Authors: Zhi Cheng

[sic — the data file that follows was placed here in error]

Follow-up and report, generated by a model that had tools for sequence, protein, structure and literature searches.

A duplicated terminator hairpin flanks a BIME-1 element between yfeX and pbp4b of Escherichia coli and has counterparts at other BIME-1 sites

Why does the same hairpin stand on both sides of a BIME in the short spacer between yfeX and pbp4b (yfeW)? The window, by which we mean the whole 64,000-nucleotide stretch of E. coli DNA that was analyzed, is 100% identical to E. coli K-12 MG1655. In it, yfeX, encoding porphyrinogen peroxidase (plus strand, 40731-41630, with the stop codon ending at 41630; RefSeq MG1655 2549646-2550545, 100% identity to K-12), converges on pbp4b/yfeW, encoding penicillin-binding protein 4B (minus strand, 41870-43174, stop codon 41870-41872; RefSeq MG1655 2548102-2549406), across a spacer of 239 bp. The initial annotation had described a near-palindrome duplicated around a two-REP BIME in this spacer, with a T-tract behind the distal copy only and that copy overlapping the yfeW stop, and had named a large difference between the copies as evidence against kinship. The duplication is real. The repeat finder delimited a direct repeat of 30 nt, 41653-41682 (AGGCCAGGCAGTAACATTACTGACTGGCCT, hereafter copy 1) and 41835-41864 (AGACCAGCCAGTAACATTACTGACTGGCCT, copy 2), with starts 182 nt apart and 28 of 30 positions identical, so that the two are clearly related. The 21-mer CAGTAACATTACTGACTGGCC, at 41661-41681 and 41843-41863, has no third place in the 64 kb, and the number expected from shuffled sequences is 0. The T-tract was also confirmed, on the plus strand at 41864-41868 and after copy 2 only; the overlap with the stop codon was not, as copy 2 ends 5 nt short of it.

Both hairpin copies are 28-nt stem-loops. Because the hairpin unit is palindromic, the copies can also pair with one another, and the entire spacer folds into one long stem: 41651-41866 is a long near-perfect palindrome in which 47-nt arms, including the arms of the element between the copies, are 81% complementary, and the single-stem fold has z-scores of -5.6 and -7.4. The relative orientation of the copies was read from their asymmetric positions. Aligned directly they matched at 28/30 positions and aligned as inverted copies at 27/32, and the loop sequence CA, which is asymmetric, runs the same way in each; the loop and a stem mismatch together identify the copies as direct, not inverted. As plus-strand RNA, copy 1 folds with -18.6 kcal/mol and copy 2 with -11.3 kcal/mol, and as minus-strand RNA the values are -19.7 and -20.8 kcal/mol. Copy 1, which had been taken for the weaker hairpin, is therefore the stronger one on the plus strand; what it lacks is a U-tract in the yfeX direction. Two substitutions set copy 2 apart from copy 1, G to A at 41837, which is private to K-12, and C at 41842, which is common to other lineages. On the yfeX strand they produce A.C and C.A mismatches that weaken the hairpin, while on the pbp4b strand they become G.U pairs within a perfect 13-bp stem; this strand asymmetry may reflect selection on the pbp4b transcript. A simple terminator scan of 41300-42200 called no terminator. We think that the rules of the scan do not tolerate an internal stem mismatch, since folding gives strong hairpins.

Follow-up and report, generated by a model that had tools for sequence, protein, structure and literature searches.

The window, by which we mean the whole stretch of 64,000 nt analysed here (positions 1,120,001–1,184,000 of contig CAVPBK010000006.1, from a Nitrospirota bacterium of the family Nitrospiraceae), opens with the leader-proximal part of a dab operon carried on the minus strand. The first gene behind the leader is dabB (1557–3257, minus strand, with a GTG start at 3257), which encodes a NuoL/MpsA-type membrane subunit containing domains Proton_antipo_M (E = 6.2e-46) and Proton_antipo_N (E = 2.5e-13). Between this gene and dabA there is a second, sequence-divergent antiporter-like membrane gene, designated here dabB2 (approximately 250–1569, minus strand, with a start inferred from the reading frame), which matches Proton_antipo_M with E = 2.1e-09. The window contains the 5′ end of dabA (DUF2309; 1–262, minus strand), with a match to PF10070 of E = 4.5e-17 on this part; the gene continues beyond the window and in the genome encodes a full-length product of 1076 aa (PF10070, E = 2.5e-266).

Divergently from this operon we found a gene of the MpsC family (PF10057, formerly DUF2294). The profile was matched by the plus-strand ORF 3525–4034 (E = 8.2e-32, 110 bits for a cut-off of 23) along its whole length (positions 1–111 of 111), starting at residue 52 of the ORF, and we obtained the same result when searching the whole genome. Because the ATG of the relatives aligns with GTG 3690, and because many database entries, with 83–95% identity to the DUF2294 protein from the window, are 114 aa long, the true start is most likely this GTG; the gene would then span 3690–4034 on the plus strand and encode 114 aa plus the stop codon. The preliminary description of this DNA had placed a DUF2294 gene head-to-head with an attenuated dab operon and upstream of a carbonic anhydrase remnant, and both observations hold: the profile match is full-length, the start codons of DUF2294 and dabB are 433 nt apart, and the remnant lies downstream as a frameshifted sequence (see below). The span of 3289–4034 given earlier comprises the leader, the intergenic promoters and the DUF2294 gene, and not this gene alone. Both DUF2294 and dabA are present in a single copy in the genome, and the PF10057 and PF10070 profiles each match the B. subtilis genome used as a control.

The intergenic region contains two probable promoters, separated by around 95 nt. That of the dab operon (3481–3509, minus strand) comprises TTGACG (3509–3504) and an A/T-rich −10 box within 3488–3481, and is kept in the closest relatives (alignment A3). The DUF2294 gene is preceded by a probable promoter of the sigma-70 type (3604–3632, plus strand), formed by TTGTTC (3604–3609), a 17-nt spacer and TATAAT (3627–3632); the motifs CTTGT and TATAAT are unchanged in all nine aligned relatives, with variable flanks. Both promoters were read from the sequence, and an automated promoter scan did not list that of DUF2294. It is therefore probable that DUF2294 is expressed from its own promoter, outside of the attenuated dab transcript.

If the velocity of gravitational waves is less than the speed of light, the velocity of mass motion may exceed the velocity of gravitational waves. This will cause Cherenkov-like radiation similar to electromagnetic interaction. The Cherenkov-like radiation of gravitational waves will produce a relatively specific observable effect. Due to the concentrated release of energy, the easiest to observe is that a large number of photons are radiated from the Cherenkov-like radiation source to form optical effects of high intensity and relatively special shapes. The speed of gravitational waves is less than the speed of light, because the compression of space and time by very large masses causes the gravitational waves to travel less in the masses than the speed of light. The mass of the material itself is not affected by this space-time compression. Thus, under certain conditions, the velocity of the mass of matter exceeds the velocity of the gravitational wave, forming a Cherenkov-like effect. A typical example is the aura of special structures formed by the supernova explosion. Among them, the supernova 1987A has been in existence for more than 30 years. After several years of the explosion, through the observation of the high-resolution Hubble telescope, it was found that the supernova 1987A showed two distinct auras in its explosion direction. There are many explanations for how these halos are formed. This paper points out that the formation of the two halos of the supernova 1987A is related to the propagation of gravitational waves in the mass of matter. Due to the very high mass density of the supernova explosion area, the space-time compression effect is very obvious, which will cause the gravitational wave to have a wave speed less than the speed of light. The material ejected by the supernova after exploding is close to the speed of light, and it is easy to exceed the velocity of gravitational waves propagating in the cosmic fluid around the supernova explosion, which will form the shock wave effect of gravitational waves. The Cherenkov effect of gravitational waves can also be used to explain the origin of high-intensity photon radiation in some galaxy centers. When the black hole in the center of the galaxy attracts the outer mass, the closer it is to the central black hole, the faster it moves. In the right position, the mass moves faster than the gravitational wave. The Cherenkov-like radiation of gravitational waves will be product. In addition, if there is a white hole, the energy is continuously released from the source of the white hole, which will also cause the mass ejection speed to exceed the speed of the gravitational wave, and thus produces the Cherenkov-like effect. Since the dynamic mechanism of the black hole and the white hole are different, by observing the Cherenkov-like effect of the center of the galaxy, it can effectively distinguish whether the center of the galaxy is a white hole or a black hole.
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